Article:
[In]security 1 attempts a dialogue on the amount of [in]secure information that constantly creeps into our subconscious becoming amplified with time. It also reflects on how this information could create monsters or saints out of us. This stems from a basic idea that people are a result of the INFORMATION that gets into their subconscious. This project was inspired by my short stay in Cape Town. It attempts a dialogue on the influence of security/insecurity information on individuals and reflects upon ironies surrounding the beautiful scenic city; it’s culturally diverse beautiful people and the beautiful violence surrounding it, evident by the intensity of barbed wires and alarm systems in the city. The perspective of ‘the other’ might be the main reason for the intensification of barbed wire and alarm systems. This coupled with the country’s history of Apartheid.
Interactive mixed media installation [wire- sculptures with Masonite TV head cut-outs (02), CRT screen, light, 2 videos (09:39X2), sound 09:39, TV boxes, barbed-wires] variable dimensions.
In the sculpture/installation, there is perpetual interaction between the 2 sculptures and their amplified shadows (questioning the real and the virtual), which further interacts with the video projection of animated beheaded versions of the sculptures on the backdrop. This also interacts with imagery from the CRT TV screen that replaces the head of the barbed-wire monster and the dove-man animation.
This creates an experience where both sculptures and shadows interact with their relevant animations; all of this based on imagery coming from the CRT TV screen. The barbed-wire monster grows on the backdrop under the CRT screen whenever insecure imagery (i.e. barbed-wire) appears on the foreground CRT TV screen. The angel/dove-man shows secure imagery (i.e. doves, flowers…) replacing the former on the foreground screen. The experience is further amplified by sonic poetry.
Mixed media (TFT screens, mirrors, video, barbed-wires, acrylic, photographs, wood)
Dimensions: 2X (80cmX 80cm)
In this diptych, the first mixed media collage consists of a barbed-wire face on board with a barbed-wire video playing on the TFT screens embedded within eye glasses. The second collage is a photographic collage of a face comprising images of sections of the faces of individuals from different races resulting in a multi-racial face. The eye glasses here are embedded with mirrors. The diptych is mounted on the wall at eye level.
Doomed in light!
Doomed in light! is based on exploring ambiguities within language, science and within accepted norms in relation to definitions of light and dark. It challenges existing status quos and cultural backdrops, while revealing existent contradictions. The artworks are inspired by the following poetic text and with integrated concepts.
Language & the science within makes me want a dumb heaven…
Lies concealing light birthing masks makes me go back to Black…
Dearest brew of our conditioned we emerged from the black…
Daring blues light born…decease from our blinding white…
In light the other is born…
Masks worn, default shielded
The reason men are doomed…
The reason for the conditioning…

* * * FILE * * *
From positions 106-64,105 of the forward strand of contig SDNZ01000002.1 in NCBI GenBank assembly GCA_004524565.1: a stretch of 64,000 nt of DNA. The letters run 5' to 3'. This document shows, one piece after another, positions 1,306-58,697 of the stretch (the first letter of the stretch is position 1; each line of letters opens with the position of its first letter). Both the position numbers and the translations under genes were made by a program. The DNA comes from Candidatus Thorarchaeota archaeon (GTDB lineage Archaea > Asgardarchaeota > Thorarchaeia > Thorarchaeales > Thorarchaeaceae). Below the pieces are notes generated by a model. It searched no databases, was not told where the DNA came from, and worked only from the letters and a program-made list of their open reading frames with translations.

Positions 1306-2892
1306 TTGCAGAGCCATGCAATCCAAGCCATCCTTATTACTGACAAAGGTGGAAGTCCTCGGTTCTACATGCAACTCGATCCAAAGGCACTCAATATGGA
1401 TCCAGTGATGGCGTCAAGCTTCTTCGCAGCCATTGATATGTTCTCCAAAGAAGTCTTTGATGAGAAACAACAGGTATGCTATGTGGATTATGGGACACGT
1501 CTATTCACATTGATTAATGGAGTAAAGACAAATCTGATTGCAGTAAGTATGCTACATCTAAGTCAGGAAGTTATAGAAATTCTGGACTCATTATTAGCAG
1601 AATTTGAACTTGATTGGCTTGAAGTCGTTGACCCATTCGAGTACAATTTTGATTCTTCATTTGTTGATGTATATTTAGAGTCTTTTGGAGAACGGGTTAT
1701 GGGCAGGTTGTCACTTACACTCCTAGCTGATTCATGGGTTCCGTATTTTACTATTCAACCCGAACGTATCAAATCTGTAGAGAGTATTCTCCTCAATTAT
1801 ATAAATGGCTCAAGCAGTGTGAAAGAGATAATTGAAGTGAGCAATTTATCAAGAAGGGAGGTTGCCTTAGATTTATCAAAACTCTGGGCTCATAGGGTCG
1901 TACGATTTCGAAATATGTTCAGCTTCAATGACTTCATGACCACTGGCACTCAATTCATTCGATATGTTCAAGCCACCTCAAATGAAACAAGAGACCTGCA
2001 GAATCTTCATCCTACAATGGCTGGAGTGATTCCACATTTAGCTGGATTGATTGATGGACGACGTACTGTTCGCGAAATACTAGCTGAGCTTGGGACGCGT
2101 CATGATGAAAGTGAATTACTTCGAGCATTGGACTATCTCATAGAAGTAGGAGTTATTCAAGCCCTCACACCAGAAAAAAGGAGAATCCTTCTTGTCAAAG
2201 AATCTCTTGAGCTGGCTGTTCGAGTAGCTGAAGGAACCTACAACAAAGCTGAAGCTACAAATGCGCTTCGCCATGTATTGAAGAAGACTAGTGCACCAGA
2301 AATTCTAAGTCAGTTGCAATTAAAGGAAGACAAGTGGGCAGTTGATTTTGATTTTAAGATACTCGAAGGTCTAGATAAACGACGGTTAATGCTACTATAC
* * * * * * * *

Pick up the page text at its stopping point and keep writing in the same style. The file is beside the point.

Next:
The reason men have Hue-
accentuated thence Race-ism
That which provides for separation
The reason for segregation/discrimination
From light Hue-men are doomed…
Black…that which holds all things Black…from where we arise Black…that which brings out the truth in you Black…that which dissolves your Ego & Hue…
Black…absence of colour…
Black…colour of God
Black…colour of Love
Black…the language of Love
My love turns black in its purest form, If black is the absence of colour
If God has no colour then [s]he’s black If Love is blind, thence it’s black If God is Love & Love is blind(black) then God like Love is Black . The Ego like your Hue die in pitch black…
Like phase I it utilizes a wide range of interactive media from photography, video, sculpture, painting, poetry and sound with blurry lines in all installations.
Here the poetry text mainly retains main institutionalized religious rhythm that has produced some very prejudiced and segregating language.
As much as it is true, Cape Town is one of the most beautiful, culturally diverse cities in Africa, it is also true how much the hue in men is accentuated, and how much beautiful violence we see on daily basis. More often than not people are a result of what INFORMATION gets into their subconscious …
hue-men (in)security mixed media Installation (inspired by my short stay in Cape Town and as subjective as it might be) attempts a dialogue on the above as well as the ironies surrounding the beautiful city; it’s culturally diverse beautiful people and the beautiful violence we are part of evident by the intensity of barbed wires in the city.
The installation integrates elements of interactive video, photography, sculpture, painting and sound.
video documentation link, hue-men (in)security
installation view, hue-men (in)security
Ngoketunga is a locality in the northwest region of Cameroon with a long unconscious eco-culture consisting of mainly women and children riding bicycles. I was struck by many of such unsung heroes as far as green-talks or sustainable world practices are concerned contrary to many over publicized sustainable world projects consisting mainly of big talk/small action and related paradoxes.Despite an increasing media awareness of green-projects geared at attaining a sustainable world, we see reluctance on the part of most people living in our rapidly degrading world.The series attempts a conceptual, fictional/staged/documentary photographic representation of paradoxes and ironies surrounding many overpublicized sustainable world NGO and projects, opposed to some unsung durable world practices in Africa and the world at large.The body of work comprises two main parts; the first having a conceptual approach with some visual paradoxes while the second has elements of documentary photography with an intention of presenting both parts as opposites.